Dunk finds Egg in the sept with a cowering Lord Ambrose who, upon discovering Egg’s true identity, is terrified for his life. Egg gave Buttterwell the lie that he and Dunk were spies sent to investigate the tournament and that his father Prince Maekar was on his way to Whitewalls with an army. Lord Ambrose’s good-son (son-in-law) Tom Heddle shows up, tries to harm Egg, but is easily slain by Dunk who tells the boy to flee with the terrified lord. To buy time for this Dunk confronts Daemon II Blackfyre revealed, and accuses Lord Gormon of framing Ser Glendon for the theft of the dragon egg. He also brings up the information given to him by Ser Uthor that many of the joust participants had been paid to throw their matches so that Daemon would be the winner. The Blackfyre prince is enraged by this and allows Ser Glendon to prove his innocence in a trial by combat. Though beaten, tortured, and abused, Fireball’s bastard soundly defeats Daemon and knocks him in the mud, which causes some of the spectators to mockingly call him “the Brown Dragon.” Then a large army headed by the King’s Hand Lord Bloodraven encircles Whitewalls, and Daemon is captured as the present lords surrender without a fight.
Dunk meets Bloodraven outside his pavilion where the heads of Gorman Peake and Tom Heddle are displayed on spears. Egg, also in attendance, demands that his cousin reward Sers Duncan, Glendon, and the other hedge knights to which the King’s Hand notes that Egg is much more confident than when last he saw him and theorizes that he (Egg) is the dragon Daemon saw born within Whitewalls.
Lord Butterwell, cowering in Bloodraven’s presence, is allowed to keep a tenth of his wealth, but Whitewalls is forfeit to the throne and will be destroyed. At Egg’s request, Bloodraven gives Dunk the gold to ransom back his armor and horse. Dunk asks the Hand what truly became of the dragon’s egg to which Bloodraven replies that one of his agents crawled up a privy shaft to retrieve it. Dunk remarks that a man would not have fit in such a place, and Bloodraven agrees though adds that a child might…or a dwarf. Dunk then remembers the troupe of such performing at the wedding.
The final (for now) story in AKOTSK culminates in another rebellion that is quashed before it can even begin. Martin again shows us how history does nothing but repeat itself within the confines of this triad and the macrocosm of the full narrative as a whole. Knight takes place in the aftermath and ascent of a rebellion as Song does a century later. Nothing changes unless we engender change.
It is interesting how differently Ser Glendon, a bastard, and Daemon, the son of a bastard are treated. When all is settled Daemon is a royal prison where poor Ser Glendon had his fingernails pulled out for a crime he didn’t commit, but even beaten and bloody he is still a better fighter than Daemon. There seems to be a statement in the subtext about not basing worth on blood. Ser Glendon is purportedly the son of a whore and not even necessarily Fireball’s get, yet he was able to unhorse a royal while in a grievously injured state. It calls into question the whole idea of feudalism especially considering that the current king Aerys I cares only about his books and leaves the governance of the realm to Bloodraven…another bastard.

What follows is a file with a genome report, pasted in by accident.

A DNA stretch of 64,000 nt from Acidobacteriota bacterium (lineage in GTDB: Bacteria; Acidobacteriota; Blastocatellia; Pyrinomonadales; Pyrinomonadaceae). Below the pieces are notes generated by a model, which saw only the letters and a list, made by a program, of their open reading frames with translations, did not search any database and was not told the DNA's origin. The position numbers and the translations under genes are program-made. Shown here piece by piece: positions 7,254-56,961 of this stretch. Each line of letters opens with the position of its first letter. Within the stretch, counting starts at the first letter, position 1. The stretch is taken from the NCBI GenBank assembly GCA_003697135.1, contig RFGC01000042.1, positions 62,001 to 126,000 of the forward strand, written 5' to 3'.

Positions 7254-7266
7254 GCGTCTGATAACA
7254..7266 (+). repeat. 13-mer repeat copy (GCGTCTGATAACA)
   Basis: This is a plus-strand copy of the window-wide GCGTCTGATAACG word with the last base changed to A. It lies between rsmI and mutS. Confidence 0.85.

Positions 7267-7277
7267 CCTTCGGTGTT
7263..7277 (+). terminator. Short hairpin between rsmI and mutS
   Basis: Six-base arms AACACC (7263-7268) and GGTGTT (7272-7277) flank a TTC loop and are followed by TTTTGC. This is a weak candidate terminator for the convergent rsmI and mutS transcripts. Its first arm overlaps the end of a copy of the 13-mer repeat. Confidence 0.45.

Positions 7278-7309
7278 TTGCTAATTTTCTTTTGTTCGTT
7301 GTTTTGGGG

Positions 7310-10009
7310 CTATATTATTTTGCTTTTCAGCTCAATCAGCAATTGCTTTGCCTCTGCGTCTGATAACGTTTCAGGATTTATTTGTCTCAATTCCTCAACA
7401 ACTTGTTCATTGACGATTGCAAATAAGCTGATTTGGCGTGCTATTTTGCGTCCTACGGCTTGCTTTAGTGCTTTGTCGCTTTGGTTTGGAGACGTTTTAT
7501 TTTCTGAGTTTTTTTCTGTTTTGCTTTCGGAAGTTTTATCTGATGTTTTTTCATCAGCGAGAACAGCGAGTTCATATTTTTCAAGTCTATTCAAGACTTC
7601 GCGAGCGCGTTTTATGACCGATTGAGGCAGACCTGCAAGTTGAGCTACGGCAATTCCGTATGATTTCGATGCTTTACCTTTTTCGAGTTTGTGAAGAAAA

Once more Dunk manages to behave like a true knight and surprisingly survive despite all of the treachery afoot. Him and Egg almost have this protective aura about them, though since Martin only has them for viewpoint characters, he can’t just kill them off I suppose. Each also has a unique perspective based on their opposing backgrounds.
The Mystery Knight presents the idea of tourneys, weddings, and large social gatherings as covers for clandestine meetings and potentially treasonous plans (which it is theorized was the hidden motive for the Tourney at Harrenhal in the Year of the False Spring). Under the shade of wedding’s boon, numerous lords were able to get together in the aftermath of the Great Spring Sickness that in taking away much opened up ambitious opportunity.
After the Rebellion ended, the lords on the losing side had to offter up hostages to the crown. This was brought up in The Sworn Sword where we heard that Ser Eustace was required to send his daughter or face the blade. She became a silent sister and then died in the spring.
Hostages are used to keep unruly or potentially rebellious lords in line, but once dead, that leverage is gone. It’s the reason in the current stories, Cersei is so intent on maintaining the charade that she holds both Sansa and Arya though the younger Stark sister has been long lost. The more hostages you hold, the more control you exert over their house. These people are essentially currency, and so long as you have them, you are buying a house’s allegiance and compliance. In a way feudal marriages work similarly, too, though this paradigm is hopefully far more benevolent where hostage taking is what happens to the losers in war.